What happens when a plan participant seeks benefits that he or she claims are set forth in a summary plan description (“SPD”) but are found nowhere in the plan itself?  On one level, the Supreme Court in Cigna Corp v. Amara answered this question decisively:  SPDs and other written disclosures about the plan do not constitute terms of the plan and cannot modify the plan’s terms.  Accordingly, participants cannot claim under ERISA Section 502(a)(1)(B) that they are entitled to benefits under the plan based on statements that appear only in the SPD.

However, the Supreme Court also stated that a participant could obtain “appropriate equitable relief” under ERISA Section 502(a)(3) for statutory disclosure violations.  The Supreme Court identified three possible equitable remedies:  reformation, estoppel, and surcharge.  Although the Supreme Court made clear that the traditional requirements in equity for obtaining any such relief must be satisfied, it left to the district court the task of determining when such remedies are appropriate.

Employers anxiously awaited the decisions on remand in Amara, which would determine the scope of any equitable relief for the inaccurate disclosures in the SPD.  The district court found on remand that the employer had intentionally misrepresented the effect on participants’ benefits when it converted a traditional pension plan to a cash balance plan, and that the employer’s conduct constituted fraud.  In these circumstances, the district court concluded, class-wide reformation of the CIGNA plan was an appropriate equitable remedy.  The reformed plan provided all participants with the benefits they reasonably believed they would receive, based on the disclosures in the SPD.

The Second Circuit recently released its opinion affirming the district court’s decision on remand.  For plan sponsors and administrators, this decision offers several takeaways:

1.  Fraudulent statements in statutory disclosures can support reformation of plan documents.   

This decision confirms that if communications to a broad array of participants, such as in an SPD, include intentionally misleading statements about changes to plan benefits, the misstatements can result in reformation of the plan for all participants.  In Amara, the Second Circuit held that reformation was appropriate because the plan participants established by clear and convincing evidence (i) that the employer committed fraud and (ii) that the fraud reasonably caused plaintiffs to be mistaken about the terms of the pension plan.

The Second Circuit cited several instances where the employer materially misrepresented the terms of CIGNA’s new pension plan and actively prevented employees from learning the truth about the plan.  For example, an SPD describing the new plan informed employees that “your benefit will grow steadily throughout your career,” while at the same time CIGNA concealed the possibility of “wear away” (a period of time when a participant does not accrue additional benefits) under the new plan.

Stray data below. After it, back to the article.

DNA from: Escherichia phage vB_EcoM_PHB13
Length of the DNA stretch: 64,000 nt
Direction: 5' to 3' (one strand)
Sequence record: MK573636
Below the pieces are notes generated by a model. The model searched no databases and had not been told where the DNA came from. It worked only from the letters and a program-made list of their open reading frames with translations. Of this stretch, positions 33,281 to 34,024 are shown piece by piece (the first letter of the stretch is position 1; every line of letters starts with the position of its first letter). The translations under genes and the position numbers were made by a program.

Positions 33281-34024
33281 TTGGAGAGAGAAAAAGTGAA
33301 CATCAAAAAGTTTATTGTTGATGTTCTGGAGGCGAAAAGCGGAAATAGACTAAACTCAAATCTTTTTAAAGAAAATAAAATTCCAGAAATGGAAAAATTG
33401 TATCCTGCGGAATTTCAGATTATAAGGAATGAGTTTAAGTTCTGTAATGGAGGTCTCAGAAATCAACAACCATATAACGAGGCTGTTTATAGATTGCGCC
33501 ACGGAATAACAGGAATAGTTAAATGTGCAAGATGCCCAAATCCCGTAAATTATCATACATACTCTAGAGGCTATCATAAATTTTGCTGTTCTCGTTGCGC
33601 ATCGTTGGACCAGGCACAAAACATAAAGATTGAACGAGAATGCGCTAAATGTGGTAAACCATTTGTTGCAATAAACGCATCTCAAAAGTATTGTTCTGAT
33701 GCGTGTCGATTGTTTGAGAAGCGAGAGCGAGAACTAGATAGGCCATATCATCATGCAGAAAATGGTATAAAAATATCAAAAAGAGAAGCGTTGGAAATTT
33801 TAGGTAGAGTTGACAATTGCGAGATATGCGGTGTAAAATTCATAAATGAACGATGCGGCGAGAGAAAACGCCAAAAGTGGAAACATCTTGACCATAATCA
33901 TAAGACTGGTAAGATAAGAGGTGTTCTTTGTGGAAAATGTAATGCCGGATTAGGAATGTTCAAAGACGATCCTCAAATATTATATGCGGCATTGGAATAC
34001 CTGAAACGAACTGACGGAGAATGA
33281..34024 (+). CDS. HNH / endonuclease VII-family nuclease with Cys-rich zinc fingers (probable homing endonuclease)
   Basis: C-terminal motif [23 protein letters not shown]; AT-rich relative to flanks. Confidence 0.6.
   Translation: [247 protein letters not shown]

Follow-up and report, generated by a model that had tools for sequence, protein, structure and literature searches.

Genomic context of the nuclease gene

The Second Circuit held that the employer’s uniform misrepresentations about the plan amendment and efforts to conceal the amendment’s effect supported the conclusion that all participants were uniformly mistaken about the terms of the plan and thus entitled to class-wide reformation.

2.  The extent of misstatements sufficient to give rise to reformation remains an open question.

The Second Circuit acknowledged, in dicta, that participants are not entitled to reformation any time a plan communication contains an error.  The factual findings of fraud made it unnecessary for the Second Circuit to identify the exact circumstances in which a misstatement is sufficiently significant to support a reformation claim.

As noted above, the district court had found several instances where CIGNA misled participants and prevented them from obtaining information about the material differences between the old and new benefit formulas.  Plan sponsors and administrators responding to future class complaints seeking reformation might successfully confine the Amara decision to its facts, and might establish that reformation is available only where there are similar evidentiary findings of intentional misrepresentation or of self-dealing.

3.  Clearly and accurately disclosing negative effects of a plan change is the surest means to avoid a reformation claim.

The Second Circuit’s Amara decision reinforces the need accurately to describe changes in plan terms that might result in a reduction in the benefits that a participant might reasonably expect a plan to provide.  We expect that this decision will encourage participants to continue to file lawsuits seeking equitable relief based on the Supreme Court’s decision in Amara.  The best way to protect against such claims is accurately to disclose negative as well as positive effects of changes to plan terms.

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Photo of Jason Levy Jason Levy

Jason Levy helps clients navigate complex issues related to employee benefits and executive compensation, including compliance with the Internal Revenue Code and ERISA. Mr. Levy utilizes his deep knowledge in the ERISA space and his background as a former litigator to craft advice…

Jason Levy helps clients navigate complex issues related to employee benefits and executive compensation, including compliance with the Internal Revenue Code and ERISA. Mr. Levy utilizes his deep knowledge in the ERISA space and his background as a former litigator to craft advice that is both practical and strategic.